The U.S. Fish and Wildlife Service (USFWS) recently released its 2012 National Fish Passage Program Annual Report.
More than 200 dams and other fish passage obstacles on U.S. waterways were removed in 2012 through the U.S. Fish and Wildlife Service’s National Fish Passage Program.
Working with numerous partners, the program improves fish passage, local economies and public safety by ridding the nation’s rivers of derelict dams that no longer serve a purpose.
According to USFWS statistics, there are approximately 74,000 derelict dams and millions of other manmade river impediments in the United States.
These structures impede upstream and downstream passage for native fish, destroy or eliminate access to key spawning habitat, and degrade water quality by preventing normal stream flow that cleanses river systems. In addition, if aging dams fail, they can threaten human safety in downstream communities.
The Service’s FY 2012 National Fish Passage Program Annual Report illustrates a number of collaborative accomplishments, from Alaska to the southeast United States.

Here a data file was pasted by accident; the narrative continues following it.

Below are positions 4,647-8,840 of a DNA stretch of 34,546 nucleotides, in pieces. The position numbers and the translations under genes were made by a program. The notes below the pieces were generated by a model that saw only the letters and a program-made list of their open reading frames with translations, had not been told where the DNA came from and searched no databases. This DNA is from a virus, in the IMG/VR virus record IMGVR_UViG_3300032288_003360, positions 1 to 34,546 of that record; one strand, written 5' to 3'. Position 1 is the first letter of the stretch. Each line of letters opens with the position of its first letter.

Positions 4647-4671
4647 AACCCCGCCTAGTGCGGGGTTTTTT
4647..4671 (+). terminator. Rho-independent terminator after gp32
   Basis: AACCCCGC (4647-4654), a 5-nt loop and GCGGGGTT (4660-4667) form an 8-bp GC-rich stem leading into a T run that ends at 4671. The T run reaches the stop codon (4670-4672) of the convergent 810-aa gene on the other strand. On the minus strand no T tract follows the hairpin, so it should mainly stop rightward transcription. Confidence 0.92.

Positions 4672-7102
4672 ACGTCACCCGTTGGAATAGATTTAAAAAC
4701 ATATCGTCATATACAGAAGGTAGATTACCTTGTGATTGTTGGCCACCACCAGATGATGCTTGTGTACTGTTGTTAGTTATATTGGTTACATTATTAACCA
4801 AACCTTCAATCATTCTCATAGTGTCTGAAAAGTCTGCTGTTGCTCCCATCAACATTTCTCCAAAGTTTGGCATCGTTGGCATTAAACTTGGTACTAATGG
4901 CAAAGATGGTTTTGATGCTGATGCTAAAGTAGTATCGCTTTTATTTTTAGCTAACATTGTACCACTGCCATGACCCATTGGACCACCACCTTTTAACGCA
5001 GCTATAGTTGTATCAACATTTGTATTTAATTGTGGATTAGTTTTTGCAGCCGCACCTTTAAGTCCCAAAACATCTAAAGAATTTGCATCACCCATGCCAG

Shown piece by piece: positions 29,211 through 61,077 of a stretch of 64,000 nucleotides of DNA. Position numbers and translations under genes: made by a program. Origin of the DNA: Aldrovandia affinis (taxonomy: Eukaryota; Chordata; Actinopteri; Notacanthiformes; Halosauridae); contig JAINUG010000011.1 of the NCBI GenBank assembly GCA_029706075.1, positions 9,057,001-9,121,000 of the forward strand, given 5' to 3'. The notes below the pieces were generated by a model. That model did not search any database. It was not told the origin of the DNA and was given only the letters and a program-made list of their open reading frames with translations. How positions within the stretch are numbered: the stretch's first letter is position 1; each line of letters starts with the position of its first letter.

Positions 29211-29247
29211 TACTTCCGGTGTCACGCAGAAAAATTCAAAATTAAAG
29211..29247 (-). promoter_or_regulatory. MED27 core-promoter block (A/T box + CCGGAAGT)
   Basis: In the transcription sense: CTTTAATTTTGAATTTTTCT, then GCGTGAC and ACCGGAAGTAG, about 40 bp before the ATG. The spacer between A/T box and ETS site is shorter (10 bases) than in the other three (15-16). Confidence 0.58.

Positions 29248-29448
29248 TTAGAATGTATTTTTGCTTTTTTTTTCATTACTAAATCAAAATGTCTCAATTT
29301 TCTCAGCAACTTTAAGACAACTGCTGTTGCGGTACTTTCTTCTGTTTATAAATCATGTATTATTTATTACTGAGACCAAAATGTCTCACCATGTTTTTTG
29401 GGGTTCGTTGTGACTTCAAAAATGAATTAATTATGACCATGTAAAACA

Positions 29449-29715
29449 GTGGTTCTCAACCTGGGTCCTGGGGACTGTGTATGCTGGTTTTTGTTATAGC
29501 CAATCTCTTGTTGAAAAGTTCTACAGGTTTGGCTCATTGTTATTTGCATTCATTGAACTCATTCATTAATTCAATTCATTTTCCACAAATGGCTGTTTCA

Last year, projects were completed in more than 40 states in cooperation with approximately 300 partners across the nation. Projects included fish passage barrier removals, engineering, planning and partnership coordination, monitoring and evaluation, and barrier inventories.
According to USFWS, the National Fish Passage Program has helped fish, wildlife and people in numerous ways. Species benefited by fish passage projects include native Yellowstone cutthroat trout, leopard darter, Ouachita shiner, Rio Grande cutthroat trout, northern pike, American shad, blueback herring, American eel, brook trout, Atlantic salmon, Dolly Varden char, imperiled freshwater mussels, and even the Hawaiian freshwater shrimp. Plants and other native wildlife also benefit from the program’s efforts to restore free-flowing waters.
According to the agency, 70 percent of funds applied to on-the-ground projects and leveraged at a 3:1 ratio (nonfederal match to federal program funds),
Since 1999, the program has:
* Removed 1,345 fish passage barriers.
* Reopened access to 20,229 stream miles.
* Benefited more than 90 species of fish and freshwater mussels.
* Supported 219,195 jobs.
* Provided $11 billion in economic value to local communities.
The FY 2012 report also outlines goals for FY 2013, including identification of more than 350 “shovel-ready” fish passage projects and strategies to work with the Federal Emergency Management Agency and others to develop a long-term approach for dealing with aquatic resources and road infrastructure resiliency in advance of flooding and other natural disasters.
To view a copy of the report, visit: http://www.fws.gov/fisheries/whatwedo/NFPP/nfpp.html
source: U.S. Fish and Wildlife Service